Then I wondered what weapons she would use, they would be animal based obviously, initially drawing a rabbit laser sword was just a joke but then I drew the cat to make a pair and wondered why not? The fact the ears and tail make very good hand guards was just too amusing not to use. Its not as apparent in the final piece but the reason the weapons are different colours is because the rabbit was sun themed and the cat themed for the moon.


Step Two: 3D That.

 

It had been some time since I had done any 3D work so this was a perfect opportunity to get back in shape as it were (that shape being a teapot). Since I wasn’t going to be using these models in a game engine or anything and I also didn’t want to spend too long on this step since in terms of the project as a whole it would be eating time while only providing reference for the final piece I therefore didn’t worry to much about optimising the mesh of the missiles. They could have been lower poly especially in the spherical areas but as reference images they would be fine.

 
The swords on the other hand were done properly. Starting with one polygon and extruding the edges to gradually build up the object until I had what amounted to half of the whole object. Because obviously if you make half of something that looks the same on both sides it takes half the time and you can guarantee both sides are the same when you apply a mirror modifier to it.
 
Being more confident and having remembered the skills that had lain a bit rusty, by the time I made the cat sword I decided to go back and remake the rabbits spine based on the cat’s so as to make the two look a bit more like a pair. they both also needed a bit of rescailing to bring them in line size wise. After that I spent some time messing around with materials trying to find something that would look cool when rendered the glow effects were nice enough but in the end I didn’t use any of them and just smooth shaded them ready for use in the final image.
 
I also had a go at adding particle trails to the missiles but since I wasn’t making a movie they never looked quite right, I had this idea in my head that stars would make an interesting trail, perhaps I would try that.
 
Finally in this stage I had to figure out Paige’s pose, at which point I got a bit stuck and ended up going back to basics and testing the poses out on a mannequin. I could have got what I was looking for by using a program like Poser but sometimes its just quicker to do things the low tech way with wooden figures Blutack and Gundam weapons.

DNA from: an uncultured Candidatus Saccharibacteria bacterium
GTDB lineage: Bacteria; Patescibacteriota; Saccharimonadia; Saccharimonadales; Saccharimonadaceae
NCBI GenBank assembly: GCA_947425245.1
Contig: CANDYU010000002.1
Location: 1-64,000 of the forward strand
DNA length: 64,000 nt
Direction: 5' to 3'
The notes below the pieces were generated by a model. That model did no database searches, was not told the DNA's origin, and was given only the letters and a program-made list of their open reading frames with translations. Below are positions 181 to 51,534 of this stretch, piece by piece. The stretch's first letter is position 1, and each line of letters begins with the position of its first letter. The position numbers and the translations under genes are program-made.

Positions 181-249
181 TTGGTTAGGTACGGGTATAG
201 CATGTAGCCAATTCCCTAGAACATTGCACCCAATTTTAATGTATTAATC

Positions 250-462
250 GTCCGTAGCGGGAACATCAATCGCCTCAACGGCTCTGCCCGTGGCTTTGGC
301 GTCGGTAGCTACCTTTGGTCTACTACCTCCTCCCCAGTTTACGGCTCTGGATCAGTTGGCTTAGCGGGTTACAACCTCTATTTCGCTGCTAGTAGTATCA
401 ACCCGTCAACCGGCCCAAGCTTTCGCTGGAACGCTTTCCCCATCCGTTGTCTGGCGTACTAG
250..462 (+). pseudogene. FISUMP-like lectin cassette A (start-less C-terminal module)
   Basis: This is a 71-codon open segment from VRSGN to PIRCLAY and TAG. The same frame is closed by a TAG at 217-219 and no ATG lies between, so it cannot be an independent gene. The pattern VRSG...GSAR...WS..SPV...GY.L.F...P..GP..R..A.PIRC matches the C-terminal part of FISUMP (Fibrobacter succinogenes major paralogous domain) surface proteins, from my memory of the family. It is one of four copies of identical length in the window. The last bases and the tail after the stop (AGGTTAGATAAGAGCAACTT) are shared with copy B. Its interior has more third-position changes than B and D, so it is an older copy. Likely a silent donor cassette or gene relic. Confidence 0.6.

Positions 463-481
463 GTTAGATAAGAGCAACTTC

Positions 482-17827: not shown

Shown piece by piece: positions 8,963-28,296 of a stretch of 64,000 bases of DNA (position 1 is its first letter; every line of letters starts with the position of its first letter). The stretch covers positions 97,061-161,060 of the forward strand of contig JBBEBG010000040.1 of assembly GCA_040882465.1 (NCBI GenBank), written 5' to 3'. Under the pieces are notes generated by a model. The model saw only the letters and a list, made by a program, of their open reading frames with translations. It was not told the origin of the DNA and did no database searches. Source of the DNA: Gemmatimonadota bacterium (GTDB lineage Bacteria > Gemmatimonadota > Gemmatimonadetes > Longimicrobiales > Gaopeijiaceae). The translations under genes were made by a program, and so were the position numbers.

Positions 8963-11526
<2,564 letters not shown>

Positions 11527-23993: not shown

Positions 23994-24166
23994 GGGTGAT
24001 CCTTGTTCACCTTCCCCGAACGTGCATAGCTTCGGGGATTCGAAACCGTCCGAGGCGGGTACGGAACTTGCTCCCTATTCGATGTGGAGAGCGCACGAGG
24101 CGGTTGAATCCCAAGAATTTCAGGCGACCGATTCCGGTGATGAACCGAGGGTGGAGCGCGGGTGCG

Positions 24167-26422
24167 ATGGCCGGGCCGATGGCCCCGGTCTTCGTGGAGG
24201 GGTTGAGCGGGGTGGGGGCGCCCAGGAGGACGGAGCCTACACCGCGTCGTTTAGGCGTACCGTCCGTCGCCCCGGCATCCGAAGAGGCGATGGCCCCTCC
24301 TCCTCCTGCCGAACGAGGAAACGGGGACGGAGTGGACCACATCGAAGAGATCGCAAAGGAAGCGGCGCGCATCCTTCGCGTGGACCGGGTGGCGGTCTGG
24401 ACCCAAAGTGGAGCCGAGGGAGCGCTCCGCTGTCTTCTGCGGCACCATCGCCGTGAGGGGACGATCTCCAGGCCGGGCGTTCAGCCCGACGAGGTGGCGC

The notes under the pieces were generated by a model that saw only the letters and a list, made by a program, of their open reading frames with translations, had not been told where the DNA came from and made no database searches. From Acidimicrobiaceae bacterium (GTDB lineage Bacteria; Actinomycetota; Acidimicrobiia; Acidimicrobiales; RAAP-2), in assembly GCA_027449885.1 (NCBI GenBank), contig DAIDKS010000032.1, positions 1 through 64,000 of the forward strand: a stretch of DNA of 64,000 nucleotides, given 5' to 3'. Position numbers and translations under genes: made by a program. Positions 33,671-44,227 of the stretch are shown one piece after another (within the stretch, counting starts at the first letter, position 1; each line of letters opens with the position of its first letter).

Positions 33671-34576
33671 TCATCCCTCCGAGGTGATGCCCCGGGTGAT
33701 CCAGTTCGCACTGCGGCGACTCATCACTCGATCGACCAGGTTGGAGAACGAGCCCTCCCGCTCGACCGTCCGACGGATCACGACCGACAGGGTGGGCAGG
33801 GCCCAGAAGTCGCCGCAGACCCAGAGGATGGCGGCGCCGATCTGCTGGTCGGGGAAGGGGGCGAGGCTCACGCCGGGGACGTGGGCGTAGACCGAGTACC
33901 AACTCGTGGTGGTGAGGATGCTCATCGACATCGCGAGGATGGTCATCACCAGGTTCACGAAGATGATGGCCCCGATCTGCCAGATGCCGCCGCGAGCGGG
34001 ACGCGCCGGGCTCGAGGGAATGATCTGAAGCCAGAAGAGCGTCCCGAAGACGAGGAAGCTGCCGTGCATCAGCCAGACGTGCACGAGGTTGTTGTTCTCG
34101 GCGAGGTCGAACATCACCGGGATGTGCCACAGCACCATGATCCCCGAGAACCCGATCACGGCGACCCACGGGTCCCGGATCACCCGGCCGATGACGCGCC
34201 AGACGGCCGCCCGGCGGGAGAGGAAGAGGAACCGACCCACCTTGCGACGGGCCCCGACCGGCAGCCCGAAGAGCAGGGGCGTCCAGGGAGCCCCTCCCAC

Step Three: Composite All.

All the disparate elements now created I could start putting things together.
 
production pipline. Imagine all the images
from above feed into here.

First things first lets work on the sketches. Paige is still a bit basic at this point and I wasn’t happy with J-Rex’s head.  Combining the various parts on top of an image full of golden ratio spirals (heres one I prepared earlier) I cut, cropped, rotated, moved, squashed and stretched until I had things lined up where I wanted them, mostly following the patterns of the spirals and points where they intersect. For example Paige is built entirely on the idea her head is placed at the top left intersection of the rule of thirds grid and her limbs and swords follow other spiral lines. Once I had everything set up the way I wanted I went through a few stages of redraws and then the image was ready to be combined with the 3D elements.

 
On the other side of things I pulled the various 3D models into one scene and placed a box that I could apply the 2D sketch to so as to get a better idea of where the missiles should go. Placing each instance of the missile model became a case of moving them closer or farther away from the camera and rescaling them where required, if you could look at the 3D space in motion it would end up looking a bit like one of those perspective tricks you see on that car advert at the moment.
 
Placing the swords was a similar process slightly complicated by a slight issue with one of the rotation axis. Once everything was in place I set the render options up to give me a bright background I could chroma-key out later and after making sure the camera was in the right position I rendered the scene in the highest setting I could.
 
The 2D and 3D sides of the project are then combined, and flipped in the case of the 2D, part to create another image that I will print out at full scale and use to redraw the final image so I can add the final stages of detail. The star missile trails get added, J-Rex finally gets his long metal fingers sorted and Paige’s clothes are finished.
 
Once scanned back into the computer the job of colouring it digitally will begin and in part two I will discuss how much choice of raster over vector influenced the final look of the image, why layer options are so powerful and most likely a number of other things I haven’t thought of yet.
 
Until next time, roar like a J-Rex.